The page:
The Israeli authorities had known about Hamas’ attack plans for at least a year, but decided to discard them because they considered them too complicated to carry out, according to The New York Times published this Thursday. Citing “documents, emails and interviews” to which it has had access, the media assures that the plan described with great precision a surprise assault like the one that the Islamist group carried out on October 7, which It left 1,200 dead in Israel and hundreds of people kidnapped.
Specifically, the plan, 40 pages long and codenamed ‘Jericho Wall’, contemplated the use of drones to eliminate security cameras along the border with the Gaza Strip, or the massive entry of militants on foot, by motorcycle and using paragliders, although it did not establish a date for the operation. Military officials in the region did not believe that an attack of such magnitude was possible, and doubted that the plan would have been accepted by the Palestinian group.
It is not clear whether Prime Minister Benjamin Netanyahu or other political leaders had access to the documents, the newspaper explains. The Hamas attack was the bloodiest episode in Israel’s history and led Netanyahu to declare war on the group and launch an offensive on the Gaza Strip that has already claimed the lives of more than 15,000 people.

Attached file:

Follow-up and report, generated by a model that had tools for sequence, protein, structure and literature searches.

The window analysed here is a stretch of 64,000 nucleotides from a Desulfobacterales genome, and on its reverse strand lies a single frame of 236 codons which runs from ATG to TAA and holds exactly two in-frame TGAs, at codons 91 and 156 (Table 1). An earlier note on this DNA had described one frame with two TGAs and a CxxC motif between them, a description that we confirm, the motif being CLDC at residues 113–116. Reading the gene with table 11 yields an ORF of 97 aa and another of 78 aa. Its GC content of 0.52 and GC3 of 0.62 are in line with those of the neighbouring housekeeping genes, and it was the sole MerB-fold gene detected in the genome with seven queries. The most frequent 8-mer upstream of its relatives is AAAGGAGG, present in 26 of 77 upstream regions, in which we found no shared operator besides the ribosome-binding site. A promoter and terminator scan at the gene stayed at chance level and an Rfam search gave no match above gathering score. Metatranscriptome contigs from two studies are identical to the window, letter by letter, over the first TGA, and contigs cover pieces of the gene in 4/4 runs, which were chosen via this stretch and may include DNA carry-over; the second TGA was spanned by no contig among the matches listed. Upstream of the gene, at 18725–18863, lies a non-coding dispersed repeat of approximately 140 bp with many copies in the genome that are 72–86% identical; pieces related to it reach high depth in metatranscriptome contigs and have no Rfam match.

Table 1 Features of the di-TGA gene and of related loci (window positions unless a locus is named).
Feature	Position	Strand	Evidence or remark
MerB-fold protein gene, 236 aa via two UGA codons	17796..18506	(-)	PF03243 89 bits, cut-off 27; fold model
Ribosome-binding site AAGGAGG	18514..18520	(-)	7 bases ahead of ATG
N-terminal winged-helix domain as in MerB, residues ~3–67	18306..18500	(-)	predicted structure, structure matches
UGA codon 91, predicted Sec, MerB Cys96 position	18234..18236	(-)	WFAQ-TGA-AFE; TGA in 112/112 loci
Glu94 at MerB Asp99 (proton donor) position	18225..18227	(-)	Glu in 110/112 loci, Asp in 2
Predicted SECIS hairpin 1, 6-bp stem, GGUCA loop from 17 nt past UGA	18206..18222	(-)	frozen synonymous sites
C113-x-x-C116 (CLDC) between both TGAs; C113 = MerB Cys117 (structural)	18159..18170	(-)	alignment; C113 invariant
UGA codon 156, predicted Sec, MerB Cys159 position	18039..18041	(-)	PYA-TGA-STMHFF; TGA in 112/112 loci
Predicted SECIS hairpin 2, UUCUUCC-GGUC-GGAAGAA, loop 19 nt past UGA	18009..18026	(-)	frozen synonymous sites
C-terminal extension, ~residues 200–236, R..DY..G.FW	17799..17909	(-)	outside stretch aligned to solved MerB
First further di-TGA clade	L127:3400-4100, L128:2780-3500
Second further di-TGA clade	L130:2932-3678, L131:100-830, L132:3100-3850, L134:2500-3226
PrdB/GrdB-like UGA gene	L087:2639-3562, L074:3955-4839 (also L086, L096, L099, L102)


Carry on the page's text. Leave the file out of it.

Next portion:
This Thursday was the seventh day of the truce, negotiated by Qatar, Egypt and the United States, through an agreement that includes the release of Palestinian prisoners in Israeli prisons and the entry of humanitarian aid to the Gaza Strip. The temporary ceasefire was extended just before it expired Thursday morning for an additional 24 hours, and it is unclear whether it will continue this Friday. An extension of the truce would involve the additional release of 10 hostages per day in exchange for the release of 30 Palestinian prisoners.
Meanwhile, Qatar continues to work together with its regional and international partners with the aim of reaching a permanent ceasefire in the Gaza Strip. So far, 105 captives have been released in Gaza, including 81 Israelis and 24 foreigners; while Israel has released 240 Palestinian prisoners, all of them women and minors.
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